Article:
He may have a radio show in Canada, but Sajjad Mirza is helping his Pakistani listeners feel connected to their home country and culture.
RED 106.7 FM — which stands for Reflecting Ethnic Diversity — is a multicultural radio station aimed at Calgary’s South Asian communities. The station’s launch six years ago marked a milestone in Mirza’s career.
“I’ve been in different radios back in Pakistan, so I was looking for a job over here, but unfortunately I couldn’t find [any] in broadcasting, so that’s why [I was] doing some other jobs,” said Mirza.
“When somebody told me [RED] FM radio is coming up in Calgary, I was so excited.”
Mirza joined the station as the producer and host of Hamara Pakistan, a show designed for Pakistani listeners living in Calgary.
Mirza believes the show’s daily program — which includes broadcasting the Pakistan news and weather — allows listeners to feel close to their homeland.
“Some people ask me, ‘Sajjad, you’re in Calgary and why do you tell the people about the temperature of the different [cities] of Pakistan?’” Mirza explained.
“My answer is, ‘So, this is a connection, right?’”
Abdul Naeem, a Calgary taxi driver who is an avid listener of Hamara Pakistan, feels the same way. Naeem immigrated to Canada from Pakistan in 2003, but still maintains closeness with his home country.
“My roots, my background was in Pakistan, so where you spend most of your time, you always remember,” said Naeem. “I always keep in touch with my culture, my country, so I still follow up with all Pakistani news, what’s going on over there.”
Mirza notes his show is especially important to new immigrants experiencing culture shock.
“What they have to face is immigration shock, because the culture is different, languages are different, people are different and the way of living is different,” Mirza explained. “Everything is entirely different as compared to Pakistan or the country where they are belonging to.”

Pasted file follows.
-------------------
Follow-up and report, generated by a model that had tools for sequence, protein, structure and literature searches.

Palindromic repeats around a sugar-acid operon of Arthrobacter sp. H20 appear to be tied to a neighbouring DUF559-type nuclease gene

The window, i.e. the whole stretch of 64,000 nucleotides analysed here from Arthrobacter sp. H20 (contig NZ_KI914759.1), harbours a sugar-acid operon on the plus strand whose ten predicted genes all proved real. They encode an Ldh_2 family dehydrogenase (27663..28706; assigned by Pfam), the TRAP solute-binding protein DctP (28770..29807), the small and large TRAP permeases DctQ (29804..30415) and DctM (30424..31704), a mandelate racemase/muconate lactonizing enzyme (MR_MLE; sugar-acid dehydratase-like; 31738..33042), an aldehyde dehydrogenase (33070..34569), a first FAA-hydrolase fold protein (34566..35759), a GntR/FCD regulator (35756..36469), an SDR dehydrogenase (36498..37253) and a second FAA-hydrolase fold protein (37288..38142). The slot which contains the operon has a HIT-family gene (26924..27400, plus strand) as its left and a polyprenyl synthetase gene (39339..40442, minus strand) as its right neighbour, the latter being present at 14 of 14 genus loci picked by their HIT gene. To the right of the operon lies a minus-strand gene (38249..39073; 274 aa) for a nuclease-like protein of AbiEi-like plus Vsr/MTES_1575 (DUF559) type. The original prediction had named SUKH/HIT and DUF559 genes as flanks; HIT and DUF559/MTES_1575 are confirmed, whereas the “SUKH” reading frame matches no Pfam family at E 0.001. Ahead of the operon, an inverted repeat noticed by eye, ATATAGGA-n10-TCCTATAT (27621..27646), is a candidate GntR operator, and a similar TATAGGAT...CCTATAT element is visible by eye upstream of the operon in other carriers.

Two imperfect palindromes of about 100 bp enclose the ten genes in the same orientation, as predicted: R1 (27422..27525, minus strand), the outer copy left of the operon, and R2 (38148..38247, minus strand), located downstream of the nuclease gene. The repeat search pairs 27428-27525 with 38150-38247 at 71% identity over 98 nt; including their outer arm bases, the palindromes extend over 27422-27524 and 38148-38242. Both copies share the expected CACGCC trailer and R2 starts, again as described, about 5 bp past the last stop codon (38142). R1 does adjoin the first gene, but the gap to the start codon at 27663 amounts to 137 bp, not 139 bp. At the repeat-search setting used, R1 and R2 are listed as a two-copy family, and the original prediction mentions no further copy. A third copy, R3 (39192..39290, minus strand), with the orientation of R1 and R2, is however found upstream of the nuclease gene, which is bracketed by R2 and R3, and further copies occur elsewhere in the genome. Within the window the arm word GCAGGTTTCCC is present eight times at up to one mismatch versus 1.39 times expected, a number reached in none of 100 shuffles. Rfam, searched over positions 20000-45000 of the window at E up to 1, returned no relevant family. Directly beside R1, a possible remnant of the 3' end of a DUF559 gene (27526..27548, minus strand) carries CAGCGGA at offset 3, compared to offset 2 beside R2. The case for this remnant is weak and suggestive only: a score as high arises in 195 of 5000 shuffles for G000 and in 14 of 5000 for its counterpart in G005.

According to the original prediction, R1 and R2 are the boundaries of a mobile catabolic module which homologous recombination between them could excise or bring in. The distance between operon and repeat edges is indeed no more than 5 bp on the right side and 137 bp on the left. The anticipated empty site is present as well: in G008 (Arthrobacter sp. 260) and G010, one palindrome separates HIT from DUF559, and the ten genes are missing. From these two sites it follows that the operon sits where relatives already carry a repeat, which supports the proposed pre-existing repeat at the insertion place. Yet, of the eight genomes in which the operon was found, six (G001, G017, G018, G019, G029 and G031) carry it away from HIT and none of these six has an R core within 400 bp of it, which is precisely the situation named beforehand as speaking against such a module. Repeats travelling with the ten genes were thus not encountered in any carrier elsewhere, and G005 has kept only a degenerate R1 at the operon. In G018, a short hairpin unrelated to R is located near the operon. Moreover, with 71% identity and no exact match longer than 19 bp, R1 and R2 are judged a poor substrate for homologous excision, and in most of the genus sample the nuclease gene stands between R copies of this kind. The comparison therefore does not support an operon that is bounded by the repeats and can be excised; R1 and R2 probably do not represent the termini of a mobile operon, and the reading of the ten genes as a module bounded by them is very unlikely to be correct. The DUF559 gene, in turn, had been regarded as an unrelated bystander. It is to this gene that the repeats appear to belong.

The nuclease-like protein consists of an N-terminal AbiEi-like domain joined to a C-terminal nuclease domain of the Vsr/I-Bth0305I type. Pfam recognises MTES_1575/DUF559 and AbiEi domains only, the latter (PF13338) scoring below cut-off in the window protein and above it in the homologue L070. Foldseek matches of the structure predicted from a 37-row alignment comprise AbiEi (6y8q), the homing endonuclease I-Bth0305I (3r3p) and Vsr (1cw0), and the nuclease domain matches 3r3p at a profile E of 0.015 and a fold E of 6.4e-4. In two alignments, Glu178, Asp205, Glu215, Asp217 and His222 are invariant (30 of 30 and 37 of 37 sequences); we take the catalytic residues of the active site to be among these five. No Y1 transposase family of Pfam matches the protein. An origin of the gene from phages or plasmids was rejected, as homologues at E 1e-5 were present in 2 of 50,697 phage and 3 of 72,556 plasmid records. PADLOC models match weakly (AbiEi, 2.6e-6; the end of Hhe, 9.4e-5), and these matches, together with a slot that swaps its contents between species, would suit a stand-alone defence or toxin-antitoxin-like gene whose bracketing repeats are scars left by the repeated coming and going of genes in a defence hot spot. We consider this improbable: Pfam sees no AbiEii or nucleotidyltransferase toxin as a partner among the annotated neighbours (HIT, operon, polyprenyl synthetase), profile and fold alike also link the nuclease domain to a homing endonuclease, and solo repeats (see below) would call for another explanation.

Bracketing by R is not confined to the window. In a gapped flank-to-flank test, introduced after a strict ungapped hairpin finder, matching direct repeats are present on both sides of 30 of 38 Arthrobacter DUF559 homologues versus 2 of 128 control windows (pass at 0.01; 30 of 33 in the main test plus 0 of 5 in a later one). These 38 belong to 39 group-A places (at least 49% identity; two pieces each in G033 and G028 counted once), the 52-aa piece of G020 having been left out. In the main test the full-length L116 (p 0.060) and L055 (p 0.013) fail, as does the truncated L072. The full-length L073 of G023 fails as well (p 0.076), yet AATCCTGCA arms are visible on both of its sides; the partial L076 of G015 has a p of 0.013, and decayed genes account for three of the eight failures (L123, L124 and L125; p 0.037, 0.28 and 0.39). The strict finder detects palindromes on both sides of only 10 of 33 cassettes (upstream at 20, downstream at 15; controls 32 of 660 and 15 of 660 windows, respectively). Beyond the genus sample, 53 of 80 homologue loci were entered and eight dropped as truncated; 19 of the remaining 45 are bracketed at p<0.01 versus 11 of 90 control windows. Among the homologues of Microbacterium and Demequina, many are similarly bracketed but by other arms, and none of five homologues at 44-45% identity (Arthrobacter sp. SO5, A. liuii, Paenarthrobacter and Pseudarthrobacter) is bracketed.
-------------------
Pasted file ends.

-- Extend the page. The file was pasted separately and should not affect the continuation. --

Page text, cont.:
Mirza cites his own experience as a Pakistani immigrant new to Canada, remembering his reaction to a sign in Urdu while grocery shopping.
“You can’t imagine how much that sign [made] me happy,” said Mirza. “Literally, there were tears in my eyes.”
Naeem had his own emotional reaction to hearing the broadcasts.
“[Hamara Pakistan] makes me feel happy because every day I see the news of Pakistan, so it […] reminds me of many things from Pakistan,” said Naeem.
Mirza has invited various guests — from specialists informing listeners on how to evaluate their Pakistani degrees to South Asian doctors discussing health issues in Urdu — so they can assist immigrants facing common struggles.
“Sometimes there is immigration issues and the people don’t know how to get the insurance card, health card and what they need to do,” Mirza explained. “We… circulate these guests in the different programs from [the] morning to the evening to just help the community out.”
Michael Pedersen, Red 106.7 FM’s station manager, believes the show’s programming is special, as it specifically targets a demographic that does not have much media available.
“If you walk down the street anywhere in Calgary and take a look at the sort of demographics that are represented by all of the Calgarians out and about, you’ll see that we’re very, very diverse,” said Pederson. “Unfortunately, in Calgary, media options don’t reflect that.”
As he continues to host Hamara Pakistan, Mirza recognizes the significance of providing media content for the Pakistani community.
“When they listen to the programs in their native language, that makes [them] relax, right,” said Mirza. “That makes them happy.”
Editor: Mollie Smith | email@example.com